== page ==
President Barack Obama plans to remove Cuba from a list of state sponsors of terrorism, lifting the main obstacle to restoring diplomatic relations and reopening embassies after more than half a century of enmity.
Obama’s decision comes on the heels of a Western Hemisphere summit in Panama where Obama and Cuban President Raul Castro sat down on Saturday for the first meeting of its kind between leaders of the United States and Cuba in nearly 60 years, Reuters reported Wednesday.
Cuba’s communist government wants the country removed from the US blacklist to speed up normalization of diplomatic ties between the two former Cold War foes.
Obama ordered a review of Cuba’s presence on the list after he and Castro announced a diplomatic breakthrough on Dec. 17.
“After a careful review of Cuba’s record, which was informed by the intelligence community, as well as assurances provided by the Cuban government, the Secretary of State concluded that Cuba met the conditions for rescinding its designation as a State Sponsor of Terrorism,” the White House said in a statement.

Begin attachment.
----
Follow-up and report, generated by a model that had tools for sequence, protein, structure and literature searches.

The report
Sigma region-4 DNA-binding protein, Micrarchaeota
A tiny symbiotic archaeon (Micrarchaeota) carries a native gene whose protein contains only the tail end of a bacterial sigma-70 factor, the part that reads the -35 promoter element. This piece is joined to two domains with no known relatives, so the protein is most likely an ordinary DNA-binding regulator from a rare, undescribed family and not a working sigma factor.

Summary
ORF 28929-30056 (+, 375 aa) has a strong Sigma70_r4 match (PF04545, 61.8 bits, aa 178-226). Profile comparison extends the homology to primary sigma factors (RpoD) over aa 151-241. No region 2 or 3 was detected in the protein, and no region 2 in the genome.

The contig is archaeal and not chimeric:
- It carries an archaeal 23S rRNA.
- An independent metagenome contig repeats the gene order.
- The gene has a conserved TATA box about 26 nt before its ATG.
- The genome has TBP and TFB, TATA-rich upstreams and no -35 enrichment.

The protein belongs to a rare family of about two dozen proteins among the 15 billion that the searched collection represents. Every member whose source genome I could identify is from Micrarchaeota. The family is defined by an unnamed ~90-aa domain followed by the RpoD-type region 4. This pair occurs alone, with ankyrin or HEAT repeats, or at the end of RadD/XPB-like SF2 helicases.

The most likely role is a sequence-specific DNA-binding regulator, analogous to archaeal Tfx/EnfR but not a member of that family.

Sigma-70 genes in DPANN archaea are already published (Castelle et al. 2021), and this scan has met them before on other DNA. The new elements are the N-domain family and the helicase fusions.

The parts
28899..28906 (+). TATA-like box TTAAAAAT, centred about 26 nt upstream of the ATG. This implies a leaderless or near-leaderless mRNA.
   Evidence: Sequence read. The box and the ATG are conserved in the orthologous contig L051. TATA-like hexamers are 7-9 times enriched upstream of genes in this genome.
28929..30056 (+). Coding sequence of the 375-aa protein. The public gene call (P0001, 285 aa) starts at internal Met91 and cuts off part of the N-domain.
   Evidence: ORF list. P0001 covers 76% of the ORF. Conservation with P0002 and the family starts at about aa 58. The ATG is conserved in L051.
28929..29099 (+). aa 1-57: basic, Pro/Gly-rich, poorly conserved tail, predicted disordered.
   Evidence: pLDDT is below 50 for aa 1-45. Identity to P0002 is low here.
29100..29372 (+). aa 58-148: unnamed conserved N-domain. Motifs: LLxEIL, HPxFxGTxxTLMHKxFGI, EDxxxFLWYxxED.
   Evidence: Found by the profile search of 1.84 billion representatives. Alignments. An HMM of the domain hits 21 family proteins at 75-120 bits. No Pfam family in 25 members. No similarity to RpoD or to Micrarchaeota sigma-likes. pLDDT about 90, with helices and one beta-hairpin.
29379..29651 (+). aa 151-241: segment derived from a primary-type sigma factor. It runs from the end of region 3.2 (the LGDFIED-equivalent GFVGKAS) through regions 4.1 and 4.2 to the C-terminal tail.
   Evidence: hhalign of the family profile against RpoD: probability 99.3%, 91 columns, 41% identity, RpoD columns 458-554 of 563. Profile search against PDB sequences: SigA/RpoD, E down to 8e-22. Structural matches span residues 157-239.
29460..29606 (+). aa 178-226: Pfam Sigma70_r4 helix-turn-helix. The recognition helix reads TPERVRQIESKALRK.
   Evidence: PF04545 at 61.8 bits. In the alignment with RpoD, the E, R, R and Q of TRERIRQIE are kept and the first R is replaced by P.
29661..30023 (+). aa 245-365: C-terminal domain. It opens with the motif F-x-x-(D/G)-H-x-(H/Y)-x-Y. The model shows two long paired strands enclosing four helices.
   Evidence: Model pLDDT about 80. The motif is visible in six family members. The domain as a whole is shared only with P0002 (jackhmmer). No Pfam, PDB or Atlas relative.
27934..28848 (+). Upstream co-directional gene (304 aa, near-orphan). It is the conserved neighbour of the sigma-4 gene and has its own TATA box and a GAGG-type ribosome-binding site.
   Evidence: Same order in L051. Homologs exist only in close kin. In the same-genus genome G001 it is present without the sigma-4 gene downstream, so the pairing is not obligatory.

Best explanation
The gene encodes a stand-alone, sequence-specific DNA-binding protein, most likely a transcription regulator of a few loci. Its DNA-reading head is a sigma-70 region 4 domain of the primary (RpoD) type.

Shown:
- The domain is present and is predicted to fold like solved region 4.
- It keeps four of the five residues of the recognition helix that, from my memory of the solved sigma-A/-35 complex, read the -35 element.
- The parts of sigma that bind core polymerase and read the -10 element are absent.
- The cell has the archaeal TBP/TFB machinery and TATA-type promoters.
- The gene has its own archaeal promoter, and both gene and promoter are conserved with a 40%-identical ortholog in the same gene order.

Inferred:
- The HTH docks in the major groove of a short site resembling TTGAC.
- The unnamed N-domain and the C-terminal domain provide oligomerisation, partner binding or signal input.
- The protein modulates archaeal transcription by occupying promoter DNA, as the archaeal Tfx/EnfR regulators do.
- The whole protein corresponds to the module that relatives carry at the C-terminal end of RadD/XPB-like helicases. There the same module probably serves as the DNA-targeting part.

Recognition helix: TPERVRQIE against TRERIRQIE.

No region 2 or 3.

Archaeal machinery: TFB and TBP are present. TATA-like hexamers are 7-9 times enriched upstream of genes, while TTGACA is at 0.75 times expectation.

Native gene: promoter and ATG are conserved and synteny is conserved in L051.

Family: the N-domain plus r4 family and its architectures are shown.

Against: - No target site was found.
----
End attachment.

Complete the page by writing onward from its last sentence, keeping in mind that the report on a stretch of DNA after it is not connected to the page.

Congress has 45 days to consider Obama’s decision before it takes effect and lawmakers are unlikely to block the move.
There had been some expectations that Obama would announce his intention to remove the terrorism designation and move forward on restoring diplomatic relations at last weekend’s summit.
But US officials privately made clear they were using the issue as leverage in broader negotiations.
Cuba’s removal from the list will remove certain economic sanctions on the island but the broader US embargo on Cuba will remain in place because only Congress can end it.
Iran, Sudan and Syria remain on the list.
“We will continue to have differences with the Cuban government but our concerns over a wide range of Cuba’s policies and actions fall outside the criteria that is relevant to whether to rescind Cuba’s designation as a State Sponsor of Terrorism,” the White House said.
The move would remove the main impediment to the re-establishment of diplomatic ties and the reopening of embassies.
Cuba’s human rights record still draws scorn from Washington, and Havana has shown little if any signs of political reform.
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